• COA disallows P49-million Bicol Express railroad ties

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    NAGA CITY, Camarines Sur: The Commission on Audit (COA) has ordered the disallowance of P49 million purchase of railroad ties for the rehabilitation of the Bicol Express tracks after documents showed the materials procured     were substandard.

    The Citizen Crime Watch (CCW) Bicol chapter has filed early this month a complaint before the Office of the Ombudsman against former Philippine National Railways (PNR) general manager Junio M. Ragragio over the 2012 purchase of wooden railroad ties which turned out a mere “larch” specie of softwood quality imported from China.

    Since PNR began its operation, railroad ties used in North and South bound railways were made of first-class hardwood yakal and molave species which can live for more than 50 years in soil and water.

    A PNR division manager tapped to examine the quality of the railroad ties issued a certification on May 16, 2012 stating that the China-made wood was a softwood.

    Despite the certification, the PNR management still pushed through with the installation of the railroad ties.

    The COA disallowance order said the first-class hardwood known as yakal was stated in the bidding and procurement contract for railroad ties and not the softwood “larch” specie as delivered and duly received by the PNR.

    The notice of disallowance were addressed to PNR general manager Junio M. Ragragio, controller division chief Jane Balong-Angey, budget and cash division manager Rosendo Calleja, safety and maintenance division chief Edwin Balong-Angey, transportation department manager Estelito Nierva, rolling stock maintenance department manager Ruben A. Besmonte, legal division manager Neofito Perilla, administration and finance department head Abdul Aziz Pangandaman, engineering division manager Divina Gracia Dantes, engineering department principal engineer A Cesar L. Bocanog and engineering dept. principal A Marlo D. Arias.

    CCW Bicol chapter expressed concern over the safety of the trains and passengers after inspection and testing showed that the railroad ties can be easily destroyed by a bolo.

    Based on COA documents, the PNR contract was for the procurement of 1,400 pieces wood bridge ties, 514 pieces wood joint ties and 16 sets of wood ties of various lengths amounting to P9,918,492.23 which was paid on March 7, 2013 and May 30, 2013.

    The second purchase involved 9,090 and 428 pieces of wood bridge ties, 25 sets wood switch ties and 16 sets of wood ties of various lengths valued at P39,884,502.37 and paid on April 26, 2013 and June 7, 2013.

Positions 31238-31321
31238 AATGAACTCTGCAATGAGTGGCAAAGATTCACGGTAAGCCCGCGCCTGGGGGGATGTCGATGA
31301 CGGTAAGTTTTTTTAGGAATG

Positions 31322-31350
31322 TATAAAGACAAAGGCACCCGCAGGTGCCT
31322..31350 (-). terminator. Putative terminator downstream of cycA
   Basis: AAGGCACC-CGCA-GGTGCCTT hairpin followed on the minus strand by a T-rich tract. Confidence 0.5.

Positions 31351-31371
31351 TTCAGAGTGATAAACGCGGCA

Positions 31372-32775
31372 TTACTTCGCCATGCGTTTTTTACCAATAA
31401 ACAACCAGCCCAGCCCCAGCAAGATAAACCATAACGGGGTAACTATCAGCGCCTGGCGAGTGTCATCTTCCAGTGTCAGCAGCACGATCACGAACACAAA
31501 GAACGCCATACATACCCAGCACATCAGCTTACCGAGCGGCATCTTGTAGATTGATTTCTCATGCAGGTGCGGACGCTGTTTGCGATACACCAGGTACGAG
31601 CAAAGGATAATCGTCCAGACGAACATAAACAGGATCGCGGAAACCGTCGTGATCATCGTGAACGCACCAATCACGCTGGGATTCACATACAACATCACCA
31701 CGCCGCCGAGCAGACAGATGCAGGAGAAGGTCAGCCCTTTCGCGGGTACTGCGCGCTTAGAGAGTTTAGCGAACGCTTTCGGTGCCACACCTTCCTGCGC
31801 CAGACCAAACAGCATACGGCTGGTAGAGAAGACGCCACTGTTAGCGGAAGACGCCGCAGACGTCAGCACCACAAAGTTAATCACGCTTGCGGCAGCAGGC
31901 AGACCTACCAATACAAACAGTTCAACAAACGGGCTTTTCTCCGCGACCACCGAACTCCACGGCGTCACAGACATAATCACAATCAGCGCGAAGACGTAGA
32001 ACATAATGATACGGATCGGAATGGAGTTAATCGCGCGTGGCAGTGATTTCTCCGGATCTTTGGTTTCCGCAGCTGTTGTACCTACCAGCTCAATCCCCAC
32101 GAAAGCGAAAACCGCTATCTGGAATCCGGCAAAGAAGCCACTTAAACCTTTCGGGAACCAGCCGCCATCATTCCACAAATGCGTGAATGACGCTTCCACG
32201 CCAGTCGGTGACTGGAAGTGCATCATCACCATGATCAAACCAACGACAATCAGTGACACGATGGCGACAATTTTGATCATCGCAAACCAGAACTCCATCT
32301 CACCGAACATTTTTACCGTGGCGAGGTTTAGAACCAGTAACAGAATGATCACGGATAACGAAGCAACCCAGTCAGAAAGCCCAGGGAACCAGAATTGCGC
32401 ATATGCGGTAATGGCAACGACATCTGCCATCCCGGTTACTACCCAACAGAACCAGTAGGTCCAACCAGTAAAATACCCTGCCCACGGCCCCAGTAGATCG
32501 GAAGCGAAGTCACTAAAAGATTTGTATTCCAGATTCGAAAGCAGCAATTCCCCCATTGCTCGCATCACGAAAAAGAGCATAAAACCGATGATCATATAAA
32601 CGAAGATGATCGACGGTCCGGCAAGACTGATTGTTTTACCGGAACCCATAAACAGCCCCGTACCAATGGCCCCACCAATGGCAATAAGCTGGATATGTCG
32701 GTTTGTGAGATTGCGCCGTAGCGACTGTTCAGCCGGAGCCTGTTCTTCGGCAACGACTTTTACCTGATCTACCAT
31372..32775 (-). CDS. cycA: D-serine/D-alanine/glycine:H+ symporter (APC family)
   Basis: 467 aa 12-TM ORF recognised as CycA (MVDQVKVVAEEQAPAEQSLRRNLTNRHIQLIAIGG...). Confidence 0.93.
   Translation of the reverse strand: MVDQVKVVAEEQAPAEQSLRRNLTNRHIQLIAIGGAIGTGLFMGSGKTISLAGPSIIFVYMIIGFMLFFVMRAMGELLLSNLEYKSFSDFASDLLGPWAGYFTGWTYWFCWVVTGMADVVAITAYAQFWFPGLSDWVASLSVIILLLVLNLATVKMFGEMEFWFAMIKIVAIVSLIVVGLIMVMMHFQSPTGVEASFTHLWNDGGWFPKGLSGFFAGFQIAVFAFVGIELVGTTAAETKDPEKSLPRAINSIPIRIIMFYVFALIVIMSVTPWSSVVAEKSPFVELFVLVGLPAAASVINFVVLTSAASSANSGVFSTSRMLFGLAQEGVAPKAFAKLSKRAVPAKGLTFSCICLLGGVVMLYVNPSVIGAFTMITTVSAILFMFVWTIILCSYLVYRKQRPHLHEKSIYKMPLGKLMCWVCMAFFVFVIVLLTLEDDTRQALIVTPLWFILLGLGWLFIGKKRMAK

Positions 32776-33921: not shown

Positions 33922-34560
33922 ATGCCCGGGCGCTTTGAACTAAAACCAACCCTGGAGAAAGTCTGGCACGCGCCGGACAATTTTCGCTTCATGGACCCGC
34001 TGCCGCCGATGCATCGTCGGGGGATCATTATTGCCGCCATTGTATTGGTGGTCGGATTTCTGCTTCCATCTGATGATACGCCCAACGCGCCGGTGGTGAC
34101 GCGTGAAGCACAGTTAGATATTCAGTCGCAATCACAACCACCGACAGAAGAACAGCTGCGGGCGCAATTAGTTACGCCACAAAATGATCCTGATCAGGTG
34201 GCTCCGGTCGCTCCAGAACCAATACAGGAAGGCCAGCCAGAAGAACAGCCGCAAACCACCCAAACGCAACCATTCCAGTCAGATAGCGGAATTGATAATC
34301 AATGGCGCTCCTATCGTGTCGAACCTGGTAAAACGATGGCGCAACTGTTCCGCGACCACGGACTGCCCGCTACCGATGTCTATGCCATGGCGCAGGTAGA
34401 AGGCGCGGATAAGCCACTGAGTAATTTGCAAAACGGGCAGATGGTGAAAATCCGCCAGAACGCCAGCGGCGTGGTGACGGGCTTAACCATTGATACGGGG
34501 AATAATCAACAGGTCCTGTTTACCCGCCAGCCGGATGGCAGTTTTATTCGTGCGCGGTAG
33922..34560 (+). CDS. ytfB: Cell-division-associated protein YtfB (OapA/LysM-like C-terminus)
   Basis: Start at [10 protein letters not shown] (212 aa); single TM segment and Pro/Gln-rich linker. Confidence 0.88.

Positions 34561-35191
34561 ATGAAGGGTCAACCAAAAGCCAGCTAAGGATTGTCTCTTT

The notice of award for Nikka Trading as the winning bidder was signed by Ragragio on January 12, 2012 while the notice to proceed was also signed by Ragragio for Nikka Trading on January 31, 2012. Nikka Trading is located at Cityland Herrera Tower at Salcedo Village, Bel-Air in Makati. Documents said a certain Andronica owns Nikka Trading.

    The COA report said the payments were disallowed because the procurement procedures, processing of payments for the procured items including use of the goods were found to be irregular, with the cost excessive, extravagant and unconscionable expenditures and the goods were not “yakal” specie as stated in the procurement.

    PNR General Manager Joseph Dilay cannot be contacted for comment in reaction to the CCW complaint before the Ombudsman, but his public affairs head Paul Dequiros defended the importation of the wood products from China saying it was resorted to after the contractor presented certification from the Department of Environment and Natural Resources about the government log ban.

    Dequiroz said the larch specie were being used as railroad ties in China, Canada and other countries but he failed to mention about the COA disallowance order.

    PNR division manager Gilbert J. Patulot sent a memorandum to Ragragio on May 12, 2012 saying he had personally examined the procured railroad ties delivered from Manshouli, China to be used as bridge and switch ties.

    Based on his assessment, Patulot said the “larch” specie was a softwood and had never been used as railroad ties for PNR.

    The memorandum, however, said that if PNR insists on using the larch specie, certain applications of at least seven modifications among others in the treatment, installation of plates and pads, use of bolt screw instead of track spikes should be done. He added that railroad ties must be immediately installed as these have lifespan of eight to 10 years.

    Romeo Esplana, CCW chief investigator for government corruption, said the larch wood from China may only last for a maximum of five years citing the country’s atmosphere as compared to the cool climate in other countries where larch type thrives.

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    2 Comments

    1. Manuel C. Diaz on

      Why not use concrete ties instead of wood? Concrete ties can be manufactured locally. Or local purchase cannot generate the usual “tongpats”

    2. pedro penduko on

      why not use concrete ties instead of wood.? the metro portions of the pnr lines already use them i believe. european railways use these ties especially for their high speed trains. these ties can be manufactured locally with the right technology. these ties are a more durable option to wooden ones.